Is the Minister totally unaware of the fact that a very great proportion of the people of this country, because of poverty, buy the cheapest possible tea on the market; and is he aware that that cheap tea causes, in a few years' time, very grave distress to the physical health of those people?

Captain Crookshank

I have not heard of any medical evidence to that effect. But there are a number of other new Clauses in which hon. Gentlemen opposite are interested, and, having made their case—such as it is—on this, and having heard that it is quite impossible for us to make a concession of this kind, they may be prepared to go to a Division.

10.31 p.m.

Mr. Stephen

I am sorry that the Financial Secretary has given such an un sympathetic answer on this important Clause. He said that this was a hardy annual and suggested that there was nothing serious in this proposal, because the Opposition had not proposed the complete abolition of the tax. It is very difficult to deal with the Minister. If we had proposed the abolition of the tax, he would have started to tell of the tragic state of the country, and how the rich people were being threatened with such poverty that they would soon be going about in rags. All that the Opposition did was to propose a reduction of the tax—and a reduction that might have met with the favour of hon. Members opposite, who profess such a love for the Empire, since it would tend to develop friendly relations with different parts of the Empire. But there is no pleasing the Minister. He has simply said that the concession would cost in a full year over £6,000,000, and that the Government, therefore, in present circumstances, could not dream of accepting the Clause.

I wonder whether the Government would not reconsider their attitude, and whether, if they are not prepared to accept this Clause, they might not be induced to apply the same principle to this tax as they have to the Armament Profits Duty. If we could get that principle applied to this tax, so that the tax on tea would be simply an eye washing tax, as the Armament Profits Tax is, it would be to the advantage of everybody. For example, the Chancellor of the Exchequer might arrange that the tax would apply only after a certain amount of tea had been bought by any person. Why should we not apply to the poor people who are hit by this tax the same principle as we do to the profiteers and the armaments industry? The Financial Secretary does not know of any people who are distressed by the operation of the tax. I could refer him to some pas sages in some of the former speeches of the Chancellor of the Exchequer in which he showed eloquently how this tax bore heavily on the poorest members of the community, and how important it was to free the breakfast table from this tax. The Financial Secretary evidently thinks that there was no substance in all that long series of speeches which helped to make the reputation of his distinguished colleague, the Chancellor of the Exchequer. Another point which he made is that it is impossible to give up the tax, because of the circumstances of the country and the heavy expenditure in which it is engaged at present. Evidently it is necessary to get this money, although it means, as the Chancellor of the Exchequer recognises, a good deal of hardship.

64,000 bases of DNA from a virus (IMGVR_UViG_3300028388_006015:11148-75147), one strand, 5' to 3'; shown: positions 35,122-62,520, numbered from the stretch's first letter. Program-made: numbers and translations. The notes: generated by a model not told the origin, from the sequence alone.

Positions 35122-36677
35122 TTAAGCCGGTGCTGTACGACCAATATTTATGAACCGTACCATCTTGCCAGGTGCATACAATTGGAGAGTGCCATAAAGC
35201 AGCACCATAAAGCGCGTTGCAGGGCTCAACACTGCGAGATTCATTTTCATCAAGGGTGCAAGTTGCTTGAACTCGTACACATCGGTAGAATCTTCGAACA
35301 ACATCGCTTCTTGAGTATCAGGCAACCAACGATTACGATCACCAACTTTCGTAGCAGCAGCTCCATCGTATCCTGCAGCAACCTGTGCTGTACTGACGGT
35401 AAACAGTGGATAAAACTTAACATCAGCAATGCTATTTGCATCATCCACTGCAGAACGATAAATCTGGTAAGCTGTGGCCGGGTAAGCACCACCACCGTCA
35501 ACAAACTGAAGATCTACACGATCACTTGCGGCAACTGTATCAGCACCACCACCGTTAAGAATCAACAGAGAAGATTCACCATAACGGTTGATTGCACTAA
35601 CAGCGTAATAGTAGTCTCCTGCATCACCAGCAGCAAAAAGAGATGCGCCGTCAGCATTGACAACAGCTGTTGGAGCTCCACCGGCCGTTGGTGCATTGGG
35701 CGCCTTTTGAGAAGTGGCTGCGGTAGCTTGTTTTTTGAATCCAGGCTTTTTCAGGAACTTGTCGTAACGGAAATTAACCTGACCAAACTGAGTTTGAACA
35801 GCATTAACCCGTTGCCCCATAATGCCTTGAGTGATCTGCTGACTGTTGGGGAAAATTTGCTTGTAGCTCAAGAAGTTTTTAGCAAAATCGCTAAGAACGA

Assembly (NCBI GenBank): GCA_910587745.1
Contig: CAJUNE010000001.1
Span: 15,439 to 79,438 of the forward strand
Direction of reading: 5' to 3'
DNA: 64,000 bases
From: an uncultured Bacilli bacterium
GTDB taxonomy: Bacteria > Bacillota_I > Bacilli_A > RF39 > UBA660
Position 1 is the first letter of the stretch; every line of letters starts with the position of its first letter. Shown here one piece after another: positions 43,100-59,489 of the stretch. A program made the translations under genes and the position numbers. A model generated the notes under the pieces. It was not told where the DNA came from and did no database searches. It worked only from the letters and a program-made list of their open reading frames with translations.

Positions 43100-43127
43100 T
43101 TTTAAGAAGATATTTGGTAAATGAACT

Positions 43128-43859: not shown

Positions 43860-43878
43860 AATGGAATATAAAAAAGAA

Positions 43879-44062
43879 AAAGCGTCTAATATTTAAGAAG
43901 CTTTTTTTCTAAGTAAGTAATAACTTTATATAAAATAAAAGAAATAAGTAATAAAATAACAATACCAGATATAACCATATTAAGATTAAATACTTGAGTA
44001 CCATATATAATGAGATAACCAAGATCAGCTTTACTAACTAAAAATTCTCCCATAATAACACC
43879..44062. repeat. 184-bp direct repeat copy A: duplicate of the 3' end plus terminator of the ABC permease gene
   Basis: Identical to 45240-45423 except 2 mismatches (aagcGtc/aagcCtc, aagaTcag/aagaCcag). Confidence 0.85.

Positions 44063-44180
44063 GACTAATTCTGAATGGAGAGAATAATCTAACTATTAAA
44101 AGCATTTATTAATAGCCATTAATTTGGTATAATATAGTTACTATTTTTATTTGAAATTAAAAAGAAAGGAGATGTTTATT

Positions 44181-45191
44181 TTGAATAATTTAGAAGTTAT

In the circumstances of the country and of the large expenditure in connection with armaments and of the tremendous responsibilities of the Government at the present time, they are completely misinterpreting the mind of the people of the country with regard to the willingness of the ordinary people to bear the extra amount of taxation involved in the tax on tea. I do not believe that the slogan with which the Government are evidently going to the country at the general election, namely, "Vote for a tax on tea and security for the Poles" will make an appeal to the great mass of the people of this country. I do not think that the ordinary people of this country are so full of sympathy for Poles, Greeks or Turks as to ask that a tax should be put on their tea in order that things may be right in Danzig. I am very disappointed that the Government did not go any distance at all to meet the Opposition, who were very modest in asking not for the abolition of the tax altogether, although it would be thoroughly justified in justice and in logic, but only for a certain amount of remission, and yet the Government have turned a deaf ear to their appeal. I hope that the country will realise that the Government, in all their schemes of taxation, are providing loophole after loophole in order to allow the profiteers to get away with their profits, while they refuse any lightening of the burden of the ordinary poor people in the community.

10.38 p.m.

Mr. Naylor